Grove City churches get lesson in crime

Crime will always have a place in society.

It’s an unfortunate fact, but with preventative measures, businesses, people and churches can better protect their properties.

Members of the Grove City Division of Police helped area church leaders better understand identity theft, fraud, church safety and violence at a Church Safety and Violence Seminar Sept. 16. The seminar, which took place at St. John’s Lutheran Church, also discussed church block-watch and crime prevention.

Detective Teri Ruslander, who has spent 22 years with the police department and is a general investigation detective, admitted how easy it is for people to obtain other’s personal information. With the easy access of the Internet, criminals can access anything, Ruslander said.

Identity theft is a fifth degree felony unless committed against someone over the age of 65. In that case, Ruslander said, the seriousness of the crime raises to a third degree felony.

According to Detective Carrie Rose, a 6-year veteran of the police department, identity theft is theft or misuse of personal information which is used to gain financial value or evade criminal liability.

"Anything you have that’s personal to you that no one else has, that can be used for identity fraud," she said.

Criminals can obtain financial information such as routing numbers, bank card pins, credit card numbers as well as money market accounts, to use for their own gain, Rose said. Unfortunately, 60 percent of the time, those criminals cannot be identified in identity fraud and even more unfortunate for the victims is that it takes about four years to clear yourself of identity fraud.

A recent program released by the state’s Attorney General’s office will hopefully assist in protecting identities, according to Rose. The Passport Program is a program in which victims can demonstrate they have been a victim of identity theft as well as begin the process of rehabilitating their credit. Through this program, after the victim approaches a law enforcement agency, they are referred to the state, where the victim is issued a card with identifying information as well as the reporting law enforcement agency assisting the victim.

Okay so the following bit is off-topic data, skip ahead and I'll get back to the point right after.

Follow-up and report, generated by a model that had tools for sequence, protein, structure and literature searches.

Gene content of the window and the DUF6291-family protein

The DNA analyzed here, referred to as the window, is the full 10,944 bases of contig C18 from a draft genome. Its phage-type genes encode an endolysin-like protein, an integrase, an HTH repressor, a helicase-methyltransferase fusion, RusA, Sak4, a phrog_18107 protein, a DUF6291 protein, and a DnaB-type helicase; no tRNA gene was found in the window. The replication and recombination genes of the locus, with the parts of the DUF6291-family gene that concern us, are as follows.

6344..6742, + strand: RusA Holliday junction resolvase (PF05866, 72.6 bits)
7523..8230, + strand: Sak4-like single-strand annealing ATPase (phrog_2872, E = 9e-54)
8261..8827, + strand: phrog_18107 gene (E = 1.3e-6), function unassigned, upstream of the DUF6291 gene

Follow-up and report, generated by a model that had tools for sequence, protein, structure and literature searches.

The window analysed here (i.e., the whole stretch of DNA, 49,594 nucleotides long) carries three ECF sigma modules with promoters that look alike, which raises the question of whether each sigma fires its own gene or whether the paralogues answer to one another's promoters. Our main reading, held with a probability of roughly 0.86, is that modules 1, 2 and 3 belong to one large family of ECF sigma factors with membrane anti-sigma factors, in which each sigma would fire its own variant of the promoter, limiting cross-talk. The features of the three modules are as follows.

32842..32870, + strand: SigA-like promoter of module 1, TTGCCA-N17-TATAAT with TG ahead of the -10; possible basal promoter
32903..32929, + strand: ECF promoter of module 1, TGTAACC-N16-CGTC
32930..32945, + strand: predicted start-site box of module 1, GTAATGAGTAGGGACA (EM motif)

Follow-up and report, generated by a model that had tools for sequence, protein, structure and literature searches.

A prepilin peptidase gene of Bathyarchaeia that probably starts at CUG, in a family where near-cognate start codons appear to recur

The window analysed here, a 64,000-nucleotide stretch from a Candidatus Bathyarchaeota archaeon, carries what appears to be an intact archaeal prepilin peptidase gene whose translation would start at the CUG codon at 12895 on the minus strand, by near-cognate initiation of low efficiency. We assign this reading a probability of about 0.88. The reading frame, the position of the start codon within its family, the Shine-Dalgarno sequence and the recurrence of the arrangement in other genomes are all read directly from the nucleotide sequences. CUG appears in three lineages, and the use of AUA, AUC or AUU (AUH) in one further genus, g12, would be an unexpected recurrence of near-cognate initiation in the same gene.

Criminals are becoming more creative in their crimes, and have come up with countless numbers of scams in order to make money. Ruslander pointed out scams such as Canadian lottery winnings, mailed settlement checks and even criminals hiding behind charitable as popular scams of late.

"Thieves are not the thieves of before," Rose said.

Audience members were interested in learning more about metal theft, especially as several church leaders mentioned their churches had succumbed to metal theft recently.

Criminals are turning to stealing air conditioners, catalytic converters in vehicles and copper in order to sell the materials for money. Ruslander said a little chip in catalytic converters are valued around $60, but can cost the vehicle owner up to $5,000 in repairs.

Law enforcement officials won’t always catch criminals, but when a criminal is arrested, often he or she will confess to other crimes and admit where the items were taken.

Rose and Ruslander reminded the audience that criminals do not always turn out to be lifelong criminals. Some only commit the crime out of need for food or money to support their families.

"Our mentality isn’t that everyone goes to jail," Ruslander said. "Because if we can help them, we will."

Prevention is everything, and it doesn’t hurt to invest in security measures, Ruslander said. Security alarms, cameras and even an abundance of lighting will assist in preventing crimes.

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